When U.S. attorney Kimlani Ford sees the horrifying images of Deanna after her abuse, she recognizes the potential to prosecute Robbie for violation of the federal Violence Against Women Act. “It seemed if we didn’t do it, no one else would. Something had to be done,” says the prosecutor. The kidnapping charges brought against Deanna’s estranged husband, not the violent assault, carry far harsher penalties in federal court.
At trial, the defense creates the impression that Deanna took the trip willingly, and never tried to escape her abuser. Despite her status as a victim, Deanna is forced to defend her actions to keep herself and her daughter safe. PRIVATE VIOLENCE reveals the flawed system that she and many women face when taking legal action against their abusers.
“After Robbie kidnapped her, and almost killed her, she had to listen to the police, the DA and even her own family ask her why she didn’t just leave him,” Kit says. She then points out that it was because Deanna had left the relationship that her husband kidnapped her and nearly beat her to death. Many battered women face this dilemma and must wonder how their abuser will retaliate if they leave.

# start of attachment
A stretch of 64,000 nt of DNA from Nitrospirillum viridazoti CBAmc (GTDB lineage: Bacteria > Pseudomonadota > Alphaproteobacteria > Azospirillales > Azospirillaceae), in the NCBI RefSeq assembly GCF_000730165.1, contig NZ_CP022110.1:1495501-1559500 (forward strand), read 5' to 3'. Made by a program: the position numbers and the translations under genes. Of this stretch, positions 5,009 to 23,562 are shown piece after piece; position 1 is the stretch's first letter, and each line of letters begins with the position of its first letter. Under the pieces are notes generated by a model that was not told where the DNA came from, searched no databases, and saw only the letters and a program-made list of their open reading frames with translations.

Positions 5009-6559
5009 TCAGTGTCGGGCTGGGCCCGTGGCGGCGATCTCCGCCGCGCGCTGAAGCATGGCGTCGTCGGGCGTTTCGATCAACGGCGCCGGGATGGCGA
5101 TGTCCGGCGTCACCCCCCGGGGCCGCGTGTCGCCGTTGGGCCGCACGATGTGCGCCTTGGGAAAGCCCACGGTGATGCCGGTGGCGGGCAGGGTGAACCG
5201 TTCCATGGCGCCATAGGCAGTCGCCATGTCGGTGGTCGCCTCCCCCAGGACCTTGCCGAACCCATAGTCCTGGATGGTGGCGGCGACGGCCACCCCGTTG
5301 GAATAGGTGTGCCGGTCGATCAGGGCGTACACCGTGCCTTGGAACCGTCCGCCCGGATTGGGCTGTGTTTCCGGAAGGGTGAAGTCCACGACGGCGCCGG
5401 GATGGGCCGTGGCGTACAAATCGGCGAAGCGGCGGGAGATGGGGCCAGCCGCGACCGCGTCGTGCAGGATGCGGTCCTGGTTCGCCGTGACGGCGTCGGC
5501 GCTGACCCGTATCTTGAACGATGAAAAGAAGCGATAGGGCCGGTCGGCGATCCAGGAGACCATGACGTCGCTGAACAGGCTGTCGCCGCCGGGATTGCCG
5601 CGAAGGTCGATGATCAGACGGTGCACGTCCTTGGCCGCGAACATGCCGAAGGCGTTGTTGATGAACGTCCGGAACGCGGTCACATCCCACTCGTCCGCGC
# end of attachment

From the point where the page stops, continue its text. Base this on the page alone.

“There were lots of ways I thought of getting away,” Deanna admits. But she also had to face the possible consequences of her escape, and wanted to do nothing that would place her daughter in jeopardy. “I thought he would see it and kill me, and I was worried what would happen with Martina.”
Deanna’s fears were not lost on Kit, nor was the importance of her testimony. Robbie was convicted of interstate domestic violence, in violation of the Violence Against Women Act, and kidnapping. He is currently serving a 21-year sentence.
Today, Deanna is a survivor, renting a home in the mountains of North Carolina for herself and Martina, and attending college full-time. Kit continues her work advocating for women who are enduring similar struggles and training others to do the same.
“I’m always astonished and moved by the people who want to come into this work, because it’s not easy,” says Kit. “You see things that you couldn’t make up…and witness victims shedding that skin, and finally leaving the violence behind. It’s just wonderful. It can be heartbreaking and frustrating, but it can be unbelievably uplifting.”
PRIVATE VIOLENCE is Cynthia Hill’s fourth feature documentary. Her other credits include “Tobacco Money Feeds My Family,” “The Guestworker,” “February One” and “A Chef’s Life.”
PRIVATE VIOLENCE is directed & produced by Cynthia Hill; cinematography by Rex Miller; edited by Tom Vickers; composer, Chuck Johnson; special advisor, Kit Gruelle; co-producers, Malinda Maynor Lowery, Rex Miller; associate producers, Jenn Cromling, Un Kyong Ho; executive producers, Cindy Waitt, Gloria Steinem, Regina K. Scully, Julie Parker Benello, Wendy Ettinger, Judith Helfand, Lilly Hartley. For HBO: senior producer, Nancy Abraham; executive producer, Sheila Nevins.